McLuhan’s ideas about evolving culture and technology caused him to be in high demand as a speaker and consultant who weighed in as a futurologist on various phenomena such as advertising, print journalism, etc. In a talk I attended in the mid-1970s at the dedication of SUNY Geneseo’s new college library, McLuhan predicted the internet more than 20 years before it became a reality. The gist of his lecture was that the library of the future would not have any books, as all printed material would henceforth be accessible digitally from computer terminals. At the time, I remember thinking that McLuhan had really gone off the deep end, as I could not imagine such development ever taking place. Now, of course, McLuhan has been proven largely correct (I almost never check out or even physically handle academic books or journals anymore). The only place he fell short was in assuming such electronic access would require a trip to a library to use one of its computer terminals. McLuhan, whose lecture took place many years before the invention of personal computers or smartphones, undoubtedly would have painted a more complete picture of the future of information technology had he not suffered a debilitating stroke in 1979, dying a year later.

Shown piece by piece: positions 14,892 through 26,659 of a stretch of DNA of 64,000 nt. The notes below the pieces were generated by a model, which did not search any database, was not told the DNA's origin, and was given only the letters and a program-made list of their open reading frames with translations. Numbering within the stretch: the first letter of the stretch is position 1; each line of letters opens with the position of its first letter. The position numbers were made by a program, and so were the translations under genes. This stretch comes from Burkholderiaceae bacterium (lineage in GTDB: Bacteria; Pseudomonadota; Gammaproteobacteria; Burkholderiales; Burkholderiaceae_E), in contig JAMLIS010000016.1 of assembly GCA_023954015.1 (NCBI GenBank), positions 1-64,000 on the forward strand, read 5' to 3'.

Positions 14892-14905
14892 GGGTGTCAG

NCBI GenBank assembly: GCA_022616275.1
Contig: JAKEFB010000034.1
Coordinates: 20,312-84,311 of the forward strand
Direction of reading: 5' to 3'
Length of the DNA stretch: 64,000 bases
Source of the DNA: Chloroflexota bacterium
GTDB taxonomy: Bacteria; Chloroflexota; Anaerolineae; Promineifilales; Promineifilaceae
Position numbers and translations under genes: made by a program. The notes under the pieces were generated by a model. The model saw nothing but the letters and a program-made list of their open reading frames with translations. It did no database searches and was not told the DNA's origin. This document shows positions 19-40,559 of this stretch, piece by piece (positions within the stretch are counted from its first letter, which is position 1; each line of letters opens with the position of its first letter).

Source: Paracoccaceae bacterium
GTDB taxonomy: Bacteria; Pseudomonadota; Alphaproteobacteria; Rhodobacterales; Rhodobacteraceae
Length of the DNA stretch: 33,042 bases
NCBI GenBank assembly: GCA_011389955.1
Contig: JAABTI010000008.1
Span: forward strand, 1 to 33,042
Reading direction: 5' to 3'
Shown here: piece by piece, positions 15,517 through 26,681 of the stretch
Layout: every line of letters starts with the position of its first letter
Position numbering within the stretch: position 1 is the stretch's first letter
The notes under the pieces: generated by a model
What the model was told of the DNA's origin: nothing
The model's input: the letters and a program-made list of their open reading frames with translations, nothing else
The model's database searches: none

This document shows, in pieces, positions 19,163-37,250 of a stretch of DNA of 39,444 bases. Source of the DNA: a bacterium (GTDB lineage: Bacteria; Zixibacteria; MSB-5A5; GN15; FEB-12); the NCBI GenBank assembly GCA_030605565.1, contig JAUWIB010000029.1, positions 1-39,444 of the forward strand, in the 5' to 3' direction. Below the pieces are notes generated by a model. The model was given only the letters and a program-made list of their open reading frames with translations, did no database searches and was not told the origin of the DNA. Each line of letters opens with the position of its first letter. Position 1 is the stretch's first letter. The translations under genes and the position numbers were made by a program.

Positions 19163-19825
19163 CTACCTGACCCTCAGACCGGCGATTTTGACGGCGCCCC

The essence of McLuhan’s ideas about television and other media is summed up in his famous catchphrase “The medium is the message." (His follow-up to Understanding Media was punningly titled The Medium Is the Massage.) By this, he meant that the form of communication does more to affect the “sensorium” (psyche and society) than does content. This shift in emphasis from content to form was presaged according to McLuhan’s somewhat over-stated view in much earlier eras, such as the shift in Renaissance monasteries (McLuhan was a devout Catholic) from the teaching of logic to teaching of rhetoric and grammar. But this retreat from content seems to have reached an apogee in the current era, as an example in the rise of political leaders in America and elsewhere who make no pretense of caring about policy, except on the most gross level (e.g, kill or lock up immigrants or other bad people). The current rise of quasi-facism in various countries around the world could be considered, I suppose, the dark side of what McLuhan termed in a more optimistic time “the global village”: the idea that we are all inter-connected through access to common media.